Tuesday, December 16, 2014

Mom's Kitchen: Chinese Egg Custard Dessert

Between our recent trip to Hong Kong, a broken toe, and craziness at work, I've been rather absent in the blogosphere.  I hope to regain normalcy soon!

Whilst I get back on my feet (literally and figuratively), I'd like to share another Mom's Kitchen recipe.  This one is inspired by all the egg custard desserts I had in Hong Kong.  :)

Prep Time: 5-10 min

Cook Time: ~15 min on low heat

Ingredients: (2 servings)
  • 2 whole eggs or 4 egg whites (shown here measured out to be ~100mL)
  • 150 mL Milk (for the 4 egg whites)
  • 4 tsp Sugar 
Start by boiling water in your steamer and then simmer on low heat.  If you do not have a steamer, you can also use a lidded pan and add a metal rack like this one.  You can then place a plate on your rack to hold your cups of custard.

Combine egg whites, milk, and sugar in a bowl.  Beat.

Strain your mixture to ensure smoothness and pour into your custard cups.

Place your cups on your steaming rack.  

Put foil over your cups either individually or my lazy-cover-everything way :)

Let steam over low heat for about 15 minutes.  When done, the egg should appear jiggly but set similar to soft tofu.  Serve hot or cold.


Monday, December 8, 2014

DIY Roundup: Holiday Decor & Gifts

I found these beautiful holiday DIYs and couldn't resist sharing these!

Glitter Mason Jar Candles DIY (cakerypapery tutorial here)
High-impact, gorgeous candles in only 5 minutes!

Snow Globe Terrariums (pinkpistachio tutorial here)
Create a stunning scene on your mantle!

DIY Cone Trees (Bella Nest tutorial here)
Add your personal touch to cone trees - great for decorating or gifts!

Happy DIY'ing!

Sunday, November 30, 2014

DIY Roundup: Upcycle & Refashion

For those who celebrate, I hope you all had a wonderful Thanksgiving holiday!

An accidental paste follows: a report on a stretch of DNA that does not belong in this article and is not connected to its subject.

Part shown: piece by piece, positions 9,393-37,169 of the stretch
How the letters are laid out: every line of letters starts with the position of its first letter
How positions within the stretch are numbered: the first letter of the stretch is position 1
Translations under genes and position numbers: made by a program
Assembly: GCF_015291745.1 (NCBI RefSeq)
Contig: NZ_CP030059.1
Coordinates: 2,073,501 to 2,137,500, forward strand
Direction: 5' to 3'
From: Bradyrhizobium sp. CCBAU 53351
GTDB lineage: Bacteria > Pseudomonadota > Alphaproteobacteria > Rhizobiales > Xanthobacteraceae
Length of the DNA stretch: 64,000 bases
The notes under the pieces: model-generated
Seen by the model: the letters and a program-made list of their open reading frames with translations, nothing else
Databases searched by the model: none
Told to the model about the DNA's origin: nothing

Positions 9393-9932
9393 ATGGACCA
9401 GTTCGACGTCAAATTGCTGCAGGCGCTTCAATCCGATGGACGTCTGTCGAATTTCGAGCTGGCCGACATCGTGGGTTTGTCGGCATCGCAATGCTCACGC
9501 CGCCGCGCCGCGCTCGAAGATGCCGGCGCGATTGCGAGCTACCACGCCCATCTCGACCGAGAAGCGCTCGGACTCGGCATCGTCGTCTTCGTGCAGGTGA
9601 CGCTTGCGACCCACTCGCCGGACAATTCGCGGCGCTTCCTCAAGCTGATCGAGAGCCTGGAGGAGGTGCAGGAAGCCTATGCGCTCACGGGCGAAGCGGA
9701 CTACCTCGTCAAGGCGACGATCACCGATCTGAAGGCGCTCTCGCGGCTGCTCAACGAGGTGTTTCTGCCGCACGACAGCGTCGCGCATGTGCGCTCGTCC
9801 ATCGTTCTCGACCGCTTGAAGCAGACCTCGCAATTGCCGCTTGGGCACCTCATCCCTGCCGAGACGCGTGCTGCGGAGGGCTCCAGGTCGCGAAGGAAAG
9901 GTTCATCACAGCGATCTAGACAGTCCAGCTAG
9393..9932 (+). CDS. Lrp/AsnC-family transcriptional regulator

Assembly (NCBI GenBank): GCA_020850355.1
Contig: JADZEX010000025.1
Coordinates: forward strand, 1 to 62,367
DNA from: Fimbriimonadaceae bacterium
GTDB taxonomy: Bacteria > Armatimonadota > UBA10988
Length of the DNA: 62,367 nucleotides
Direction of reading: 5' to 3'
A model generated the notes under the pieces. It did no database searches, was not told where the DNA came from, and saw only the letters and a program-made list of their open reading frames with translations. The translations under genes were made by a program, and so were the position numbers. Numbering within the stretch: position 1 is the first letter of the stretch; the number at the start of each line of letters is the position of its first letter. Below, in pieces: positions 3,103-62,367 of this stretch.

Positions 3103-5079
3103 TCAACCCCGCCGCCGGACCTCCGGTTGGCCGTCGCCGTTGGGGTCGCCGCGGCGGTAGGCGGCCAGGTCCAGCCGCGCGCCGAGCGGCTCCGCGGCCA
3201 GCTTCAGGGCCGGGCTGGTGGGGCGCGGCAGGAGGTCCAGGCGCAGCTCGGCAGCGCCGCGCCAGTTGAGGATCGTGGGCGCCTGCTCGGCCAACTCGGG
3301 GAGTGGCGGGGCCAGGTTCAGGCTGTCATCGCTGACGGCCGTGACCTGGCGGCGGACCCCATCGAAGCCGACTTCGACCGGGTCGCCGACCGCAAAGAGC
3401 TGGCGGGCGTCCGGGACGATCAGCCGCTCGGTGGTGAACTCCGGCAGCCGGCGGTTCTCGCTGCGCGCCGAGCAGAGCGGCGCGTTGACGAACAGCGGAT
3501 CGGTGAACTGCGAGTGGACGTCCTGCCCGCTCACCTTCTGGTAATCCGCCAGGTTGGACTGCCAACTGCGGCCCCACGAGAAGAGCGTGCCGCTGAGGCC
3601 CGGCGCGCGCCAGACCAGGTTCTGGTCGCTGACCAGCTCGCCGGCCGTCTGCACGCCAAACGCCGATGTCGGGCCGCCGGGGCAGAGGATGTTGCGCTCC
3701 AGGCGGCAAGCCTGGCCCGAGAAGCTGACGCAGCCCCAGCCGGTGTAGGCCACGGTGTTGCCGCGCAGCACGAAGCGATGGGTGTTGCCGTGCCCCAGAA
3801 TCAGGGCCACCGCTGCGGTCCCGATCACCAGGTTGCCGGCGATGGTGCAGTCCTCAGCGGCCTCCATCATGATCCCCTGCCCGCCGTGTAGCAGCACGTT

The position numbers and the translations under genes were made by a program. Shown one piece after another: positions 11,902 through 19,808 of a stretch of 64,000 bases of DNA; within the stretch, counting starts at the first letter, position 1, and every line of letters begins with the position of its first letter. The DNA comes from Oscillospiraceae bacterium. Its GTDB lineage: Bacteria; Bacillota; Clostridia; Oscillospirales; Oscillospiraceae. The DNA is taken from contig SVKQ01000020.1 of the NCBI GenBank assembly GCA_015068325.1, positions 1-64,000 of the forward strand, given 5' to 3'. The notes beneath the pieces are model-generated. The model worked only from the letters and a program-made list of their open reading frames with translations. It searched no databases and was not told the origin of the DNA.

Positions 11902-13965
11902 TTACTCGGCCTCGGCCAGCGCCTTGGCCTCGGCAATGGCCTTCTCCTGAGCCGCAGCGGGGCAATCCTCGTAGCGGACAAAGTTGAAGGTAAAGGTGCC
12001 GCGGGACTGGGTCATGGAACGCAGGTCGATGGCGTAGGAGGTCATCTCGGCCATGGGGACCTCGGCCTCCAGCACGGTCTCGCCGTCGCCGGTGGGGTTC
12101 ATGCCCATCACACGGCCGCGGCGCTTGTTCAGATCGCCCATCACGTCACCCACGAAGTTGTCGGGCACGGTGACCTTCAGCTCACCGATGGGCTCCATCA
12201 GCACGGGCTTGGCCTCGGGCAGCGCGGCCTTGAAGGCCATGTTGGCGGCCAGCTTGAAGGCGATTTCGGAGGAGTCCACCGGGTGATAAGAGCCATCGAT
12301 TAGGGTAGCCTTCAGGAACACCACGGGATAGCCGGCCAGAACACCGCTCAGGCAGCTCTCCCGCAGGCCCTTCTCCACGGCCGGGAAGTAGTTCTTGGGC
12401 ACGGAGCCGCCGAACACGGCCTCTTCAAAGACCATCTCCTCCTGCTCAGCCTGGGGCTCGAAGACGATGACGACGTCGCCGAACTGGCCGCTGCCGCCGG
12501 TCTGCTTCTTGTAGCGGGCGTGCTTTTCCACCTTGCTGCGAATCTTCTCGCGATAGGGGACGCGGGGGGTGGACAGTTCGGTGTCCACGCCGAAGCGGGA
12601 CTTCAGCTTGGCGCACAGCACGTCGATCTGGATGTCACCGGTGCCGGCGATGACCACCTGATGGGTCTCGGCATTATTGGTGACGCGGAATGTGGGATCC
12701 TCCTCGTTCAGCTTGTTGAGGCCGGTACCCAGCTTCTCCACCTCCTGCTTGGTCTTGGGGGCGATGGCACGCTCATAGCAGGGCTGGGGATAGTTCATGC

If you're looking to breathe new life into older items, here are a few fun ideas to try out :)

Repurpose a sweater for a cozy, luxe feel on your footstool (source and tutorial here)

Paint a border on your dress for an edgier look (source and tutorial here)

Add elbow and back patches to your sweater for a whole new look (source and tutorial here)

Happy DIY'ing!

Monday, November 17, 2014

DIY Roundup: Cold Weather Wear

It's been a week and I'm no closer to finishing my projects.  Rather than wait, I'd like to share some great-looking DIYs around the web:

DIY Poncho (source & tutorial here)
I'm looking forward to giving this a shot!

Arm-knitting an Infinity Scarf in 15 Minutes (source & tutorial here)
I've never tried arm-knitting before, but it looks fun to try and the result is so pretty!

Cowl Scarf from Old Sweaters (source & tutorial here)
Always love a good upcycling tutorial

Keep warm and happy DIYing!

Thursday, November 13, 2014

Brocaded Box Pleats & Future Posts

The holiday season is here, and along with that, comes holiday sewing.  Right now, I'm working on a new winter coat, a brocade skirt, and a hooded cape.  I have a tendency to get to a certain point in the project and then need to stop and reflect, hence the partial projects.

Anyhoo, here's a look at the brocade box pleats project:
Thinking this might work well for a holiday party

I'd also let to get back in the groove of sharing some of my favorite Mom's Kitchen recipes like Chinese Fish Fillets, Black Sesame Dessert w/ Glutinous Rice Balls, Homemade Rice Noodle Rolls, etc.  If there are any Cantonese / Chinese recipes you'd like to see, let me know and I'll see if Mom has one to share :)